Time doesn’t stop for anyone but as the Coronavirus hit the world, it brought time to a standstill for some but for others, there were decades where nothing happened; and then there were weeks when decades happened. Here we analyse the Indian Economy to understand what businesses gained traction during the pandemic and what sectors faced resistance to their performance. We’ll try to explain what exactly caused the 23.9% drop in the Indian GDP for April – June 2020 compared to the erstwhile year and also try to analyse which sectors have come out of this slump and which sectors are still lagging behind after measures have been taken to open up the economy.

For this, we consider January 2020 as our base month and give it a score of 100 and the sector-wise monthly performance is compared to this base month’s consumption. So, we consider January 2020 as an anchor point to understand how the pandemic affected the total consumption in each of these sectors compared to this base month’s consumption in each sector. Here is how consumption was impacted for major Industries in India:

*Each graph point represents aggregates for the month


As we can see the worst affected were the Fashion Industry, Travel and Electronics & Appliances Industries. Of these, the Electronics & Appliances Industry had a V-shaped recovery and is now on par with its pre-corona levels. For the other two – Fashion and Travel, the recovery rate has been slow but is at a steady pace to reach its potential. Both of these are currently at 50% of their respective pre-corona levels but recovering fast. According to their trajectory, both these sectors would reach their pre-corona levels only by the end of 2020.

Other sectors which had mild shocks were the Food Industry, Super Stores (Eg., Amazon Flipkart) and Medicine & Health sectors. People stopped eating out but started ordering online. Super-Stores were initially barred from delivering in multiple locations across India but they had a sharp recovery with many people preferring to buy online. But they are still operating at roughly -15% of their potential levels. The pandemic put a lot of stress on Hospitals and Medical Infrastructure but interestingly the total expenditure of the country on Healthcare declined. People staying at home means lesser accidents and a higher focus on hygiene means lower diseases of other kinds. The Entertainment industry has also taken a big hit where movie productions were halted but online video and audio subscriptions saw a very big boom. The Education sector has taken a backseat in this pandemic with Schools shutting down and Coaching and Counselling centres operating at 50% of their potential. Books, Newspaper and Magazines purchases have also taken a steep hit. The sub-industry level impacts are covered in the later parts of this post.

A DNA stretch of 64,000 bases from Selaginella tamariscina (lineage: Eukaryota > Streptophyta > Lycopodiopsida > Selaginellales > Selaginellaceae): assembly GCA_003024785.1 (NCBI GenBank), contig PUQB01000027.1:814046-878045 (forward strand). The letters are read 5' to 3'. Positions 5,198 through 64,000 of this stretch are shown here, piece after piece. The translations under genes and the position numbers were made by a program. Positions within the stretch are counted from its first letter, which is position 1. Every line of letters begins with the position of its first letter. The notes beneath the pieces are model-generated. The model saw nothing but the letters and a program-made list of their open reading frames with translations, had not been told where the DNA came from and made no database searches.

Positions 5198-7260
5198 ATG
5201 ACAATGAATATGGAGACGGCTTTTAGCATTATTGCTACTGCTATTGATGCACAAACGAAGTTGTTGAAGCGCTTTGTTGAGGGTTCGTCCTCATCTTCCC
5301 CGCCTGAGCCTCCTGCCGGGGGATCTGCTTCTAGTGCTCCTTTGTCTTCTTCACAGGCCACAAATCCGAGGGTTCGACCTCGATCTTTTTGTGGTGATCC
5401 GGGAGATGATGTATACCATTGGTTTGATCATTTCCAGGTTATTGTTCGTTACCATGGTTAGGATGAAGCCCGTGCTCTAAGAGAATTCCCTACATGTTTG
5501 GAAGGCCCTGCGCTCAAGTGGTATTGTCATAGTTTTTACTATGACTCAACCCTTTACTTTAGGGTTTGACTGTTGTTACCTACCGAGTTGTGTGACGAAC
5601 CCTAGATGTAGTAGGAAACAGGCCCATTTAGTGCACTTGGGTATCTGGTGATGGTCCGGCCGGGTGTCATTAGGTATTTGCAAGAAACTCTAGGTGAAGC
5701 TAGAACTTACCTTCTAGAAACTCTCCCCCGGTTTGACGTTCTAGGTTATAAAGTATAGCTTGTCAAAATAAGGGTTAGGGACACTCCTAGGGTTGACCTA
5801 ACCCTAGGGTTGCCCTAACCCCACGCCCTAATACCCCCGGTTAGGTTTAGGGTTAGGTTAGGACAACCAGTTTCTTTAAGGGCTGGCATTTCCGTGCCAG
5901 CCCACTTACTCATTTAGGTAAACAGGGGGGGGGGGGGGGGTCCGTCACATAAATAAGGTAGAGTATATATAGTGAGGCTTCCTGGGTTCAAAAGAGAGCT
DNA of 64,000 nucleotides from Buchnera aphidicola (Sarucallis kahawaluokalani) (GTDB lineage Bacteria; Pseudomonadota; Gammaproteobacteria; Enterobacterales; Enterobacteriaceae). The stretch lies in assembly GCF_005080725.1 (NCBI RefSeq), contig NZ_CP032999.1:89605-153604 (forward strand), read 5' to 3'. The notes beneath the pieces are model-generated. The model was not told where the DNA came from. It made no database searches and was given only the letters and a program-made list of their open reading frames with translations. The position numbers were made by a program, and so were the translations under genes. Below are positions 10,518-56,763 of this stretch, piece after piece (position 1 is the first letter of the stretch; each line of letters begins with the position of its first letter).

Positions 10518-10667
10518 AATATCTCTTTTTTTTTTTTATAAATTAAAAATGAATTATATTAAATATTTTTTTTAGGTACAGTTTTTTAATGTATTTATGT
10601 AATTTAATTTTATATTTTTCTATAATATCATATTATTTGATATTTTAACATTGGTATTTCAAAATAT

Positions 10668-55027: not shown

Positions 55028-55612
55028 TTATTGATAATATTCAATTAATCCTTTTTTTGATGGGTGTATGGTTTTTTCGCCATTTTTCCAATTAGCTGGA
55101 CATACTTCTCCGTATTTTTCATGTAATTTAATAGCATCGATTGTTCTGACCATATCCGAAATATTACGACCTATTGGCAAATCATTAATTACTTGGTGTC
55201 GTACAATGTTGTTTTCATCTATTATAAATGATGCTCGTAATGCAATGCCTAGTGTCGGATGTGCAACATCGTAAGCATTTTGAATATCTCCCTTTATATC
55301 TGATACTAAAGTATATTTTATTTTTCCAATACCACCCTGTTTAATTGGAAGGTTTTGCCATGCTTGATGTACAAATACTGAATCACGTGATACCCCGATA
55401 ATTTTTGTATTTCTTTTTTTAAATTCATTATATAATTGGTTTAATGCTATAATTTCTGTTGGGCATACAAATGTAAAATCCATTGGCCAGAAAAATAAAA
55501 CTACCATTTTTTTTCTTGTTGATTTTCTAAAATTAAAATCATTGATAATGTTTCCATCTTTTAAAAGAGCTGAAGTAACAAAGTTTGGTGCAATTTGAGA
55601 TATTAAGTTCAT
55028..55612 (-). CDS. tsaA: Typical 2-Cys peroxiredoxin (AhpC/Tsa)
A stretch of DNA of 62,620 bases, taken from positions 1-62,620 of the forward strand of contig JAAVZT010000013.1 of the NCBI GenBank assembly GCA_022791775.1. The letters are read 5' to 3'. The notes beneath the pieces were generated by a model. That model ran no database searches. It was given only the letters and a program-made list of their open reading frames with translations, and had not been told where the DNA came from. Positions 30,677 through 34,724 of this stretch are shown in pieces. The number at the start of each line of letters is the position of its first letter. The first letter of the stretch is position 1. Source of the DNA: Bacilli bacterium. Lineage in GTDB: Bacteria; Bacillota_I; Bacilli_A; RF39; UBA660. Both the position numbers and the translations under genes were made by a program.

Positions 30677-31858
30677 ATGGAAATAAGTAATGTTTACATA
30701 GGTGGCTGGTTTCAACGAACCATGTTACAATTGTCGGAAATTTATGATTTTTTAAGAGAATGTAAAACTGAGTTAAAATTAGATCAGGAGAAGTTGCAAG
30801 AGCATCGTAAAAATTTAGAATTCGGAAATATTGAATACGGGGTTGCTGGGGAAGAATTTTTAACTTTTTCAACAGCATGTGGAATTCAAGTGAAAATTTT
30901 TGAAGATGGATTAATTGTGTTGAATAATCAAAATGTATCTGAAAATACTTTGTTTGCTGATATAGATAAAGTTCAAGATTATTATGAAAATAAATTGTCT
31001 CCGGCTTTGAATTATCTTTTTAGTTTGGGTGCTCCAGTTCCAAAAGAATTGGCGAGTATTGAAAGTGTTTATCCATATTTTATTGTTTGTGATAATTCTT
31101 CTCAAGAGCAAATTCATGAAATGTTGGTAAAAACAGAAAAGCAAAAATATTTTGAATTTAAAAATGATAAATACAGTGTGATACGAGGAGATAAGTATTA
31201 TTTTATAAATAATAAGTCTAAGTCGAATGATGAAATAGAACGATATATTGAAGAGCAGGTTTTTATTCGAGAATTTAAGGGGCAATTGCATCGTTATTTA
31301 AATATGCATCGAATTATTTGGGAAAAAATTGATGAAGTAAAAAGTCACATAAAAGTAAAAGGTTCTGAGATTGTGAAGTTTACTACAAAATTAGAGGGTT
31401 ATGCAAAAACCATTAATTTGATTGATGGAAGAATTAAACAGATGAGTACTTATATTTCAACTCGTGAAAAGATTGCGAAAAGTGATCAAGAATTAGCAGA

Sectors which did not take too much of a hit were the Financial Services sector and Utilities sector. March is usually a big time for investments due to the end of the fiscal year with last month investing by people for filling the required quotas for Tax Rebates. Later digital wallet usage picked up to pull the whole sector up. For the sector of Utilities, it is more stable in consumption where sub-sectors like Electricity, Telecom and Logistics took a hit for a couple of months and then bounced back.


Now we look at some major industries and what was the impact on its sub-industries. For starters let’s consider Entertainment:

Here we can see that spends on Movies and Events have completely stopped as it is still not allowed to visit cinemas. However, both Video Streaming and Audio Streaming have seen a big jump in their user base. However, this jump doesn’t seem to be sustainable and seems to be declining. It will be interesting to see the stickiness of these new users once other sources of Entertainment restart. Next, we look at Travel: